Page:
Dialogue can be great, when it's not delving into loads of lazy profanity. The plot is hidden with some strong twists that caught me off guard, but that's because the majority are predictable. The occasional turn of phrase is nice, but ruined when used as a transition to another scene when a break would've sufficed. It's in the execution that Knight failed, I think, seeing as she has a remarkable world (that very much needs either a map or more world-building), and a simply amazing magic system. Truly, the latter is the series's hallmark. If there was any other reason I kept on going (besides having the 3rd), it was because whenever Rojan needs to dwell deep into the darkness, Knight can write it well. The verbosity is rewarded in these passages, in every squeamish remark.

My question is: Where was this throughout the rest of the book?

I'm not sure.

In summary, if Knight had taken the first and last sentence of each paragraph, and had only those for this book, we would have had a breathtaking second installment. Instead, we have beauty that teeters down into ridiculousness.

“The inside of the mortuary was colder than Namrat's heart, so that our breath formed clouds in front of us and I began to worry for those more important parts of me, that shrunk, scaredy cat, into my trousers.”

I think if Rojan had received more character development that just his hatred for organized religion, his restatements of cynicism, and his pervasive love for thinking with his genitals, then the voice might've flowed more. But what we have is choppy negativity that does nothing, but bore the reader.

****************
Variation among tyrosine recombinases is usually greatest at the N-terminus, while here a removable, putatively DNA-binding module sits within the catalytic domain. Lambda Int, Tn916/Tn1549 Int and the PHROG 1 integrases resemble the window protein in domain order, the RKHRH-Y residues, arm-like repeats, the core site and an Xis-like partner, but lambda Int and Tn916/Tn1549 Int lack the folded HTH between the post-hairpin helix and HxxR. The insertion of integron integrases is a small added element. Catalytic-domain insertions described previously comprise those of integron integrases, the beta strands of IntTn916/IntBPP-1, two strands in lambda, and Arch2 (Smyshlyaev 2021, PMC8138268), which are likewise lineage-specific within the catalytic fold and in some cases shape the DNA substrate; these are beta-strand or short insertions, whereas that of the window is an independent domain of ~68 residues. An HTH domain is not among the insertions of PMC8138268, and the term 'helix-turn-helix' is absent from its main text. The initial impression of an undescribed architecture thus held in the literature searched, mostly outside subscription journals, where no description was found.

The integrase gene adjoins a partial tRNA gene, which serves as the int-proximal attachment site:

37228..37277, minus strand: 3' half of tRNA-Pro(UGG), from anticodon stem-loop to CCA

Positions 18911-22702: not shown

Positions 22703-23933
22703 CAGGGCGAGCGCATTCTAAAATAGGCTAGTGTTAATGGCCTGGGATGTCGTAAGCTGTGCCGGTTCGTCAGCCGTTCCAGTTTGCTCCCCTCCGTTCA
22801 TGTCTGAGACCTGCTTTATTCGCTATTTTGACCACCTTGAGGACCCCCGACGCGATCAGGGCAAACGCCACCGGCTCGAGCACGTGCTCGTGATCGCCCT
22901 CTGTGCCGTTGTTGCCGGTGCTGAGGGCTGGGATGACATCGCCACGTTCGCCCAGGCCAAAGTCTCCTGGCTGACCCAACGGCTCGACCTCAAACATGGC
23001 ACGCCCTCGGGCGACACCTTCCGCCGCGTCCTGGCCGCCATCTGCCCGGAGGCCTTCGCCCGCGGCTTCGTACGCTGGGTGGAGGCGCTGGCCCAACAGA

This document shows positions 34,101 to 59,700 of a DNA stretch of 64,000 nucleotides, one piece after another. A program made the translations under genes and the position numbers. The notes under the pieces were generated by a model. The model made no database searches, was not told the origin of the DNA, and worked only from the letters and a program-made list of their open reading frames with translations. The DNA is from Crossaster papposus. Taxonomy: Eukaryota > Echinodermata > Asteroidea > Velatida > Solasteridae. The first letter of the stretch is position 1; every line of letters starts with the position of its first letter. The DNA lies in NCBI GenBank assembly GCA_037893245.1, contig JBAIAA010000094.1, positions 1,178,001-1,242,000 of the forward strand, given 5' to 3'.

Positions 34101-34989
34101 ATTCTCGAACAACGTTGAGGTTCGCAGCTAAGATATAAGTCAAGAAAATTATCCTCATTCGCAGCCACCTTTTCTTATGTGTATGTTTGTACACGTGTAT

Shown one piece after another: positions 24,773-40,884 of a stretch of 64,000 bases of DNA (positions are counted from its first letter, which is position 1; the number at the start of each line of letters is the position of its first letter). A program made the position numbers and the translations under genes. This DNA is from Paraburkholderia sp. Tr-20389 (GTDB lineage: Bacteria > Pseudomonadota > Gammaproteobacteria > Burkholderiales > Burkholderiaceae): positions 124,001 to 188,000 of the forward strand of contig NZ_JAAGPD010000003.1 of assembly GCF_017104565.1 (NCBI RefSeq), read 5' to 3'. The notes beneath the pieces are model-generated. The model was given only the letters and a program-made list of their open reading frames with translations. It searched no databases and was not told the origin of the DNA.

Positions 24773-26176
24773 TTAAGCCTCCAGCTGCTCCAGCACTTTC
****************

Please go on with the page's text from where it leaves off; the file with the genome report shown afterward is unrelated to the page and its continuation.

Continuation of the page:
At the end of the day, Before the Fall is a predictable, overwritten book with no tension and barely any character development for the entire cast, save till the end. It's slow and borderline insulting with all the repetition (of which I can't repeat enough), and especially with the many, many typos and run-ons from a big name publisher.

Call me crazy, but Pasha should've been the protagonist. At least he was tolerable with some semblance of an arc.
Profile Image for Dimana Atanassova.
Author 2 books28 followers
August 30, 2015
I liked "Fade to Black". In fact, I loved it - it fell one star short of being in my "favorites" list. The premise behind the pain mage and the city of Mahala was fascinating, the book was wonderfully written, especially for a debut, and the sarcastic comments of Rojan Dizon fitted the story perfectly.

So, naturally, I thought the sequel would be even better, especially as it promised to expand the story beyond just Mahala. I didn't like "Before the Fall" - I didn't hate, either, but it just felt kind of... meh, especially compared to "Fade to Black".

What I liked about the book:

- City of Mahala: still a marvelous idea, still captivating with all its layers and how different the inhabitants of each one are
- the writing: Francis Knight does know how to write and she also gives each and every one of her characters a unique and distinctive voice, which makes them feel like real people
- Rojan: he's pretty much the same guy as in "Fade to Black", so if you hated him then, you'll hate him now, as well. He's actually the only character we see evolving (I'll get to that later) - he's less selfish, though still preoccupied with himself. I liked how Knight built his relationship with Pasha and how it eventually evolved into a delicate, though beautiful friendship.

And how about the things I didn't like...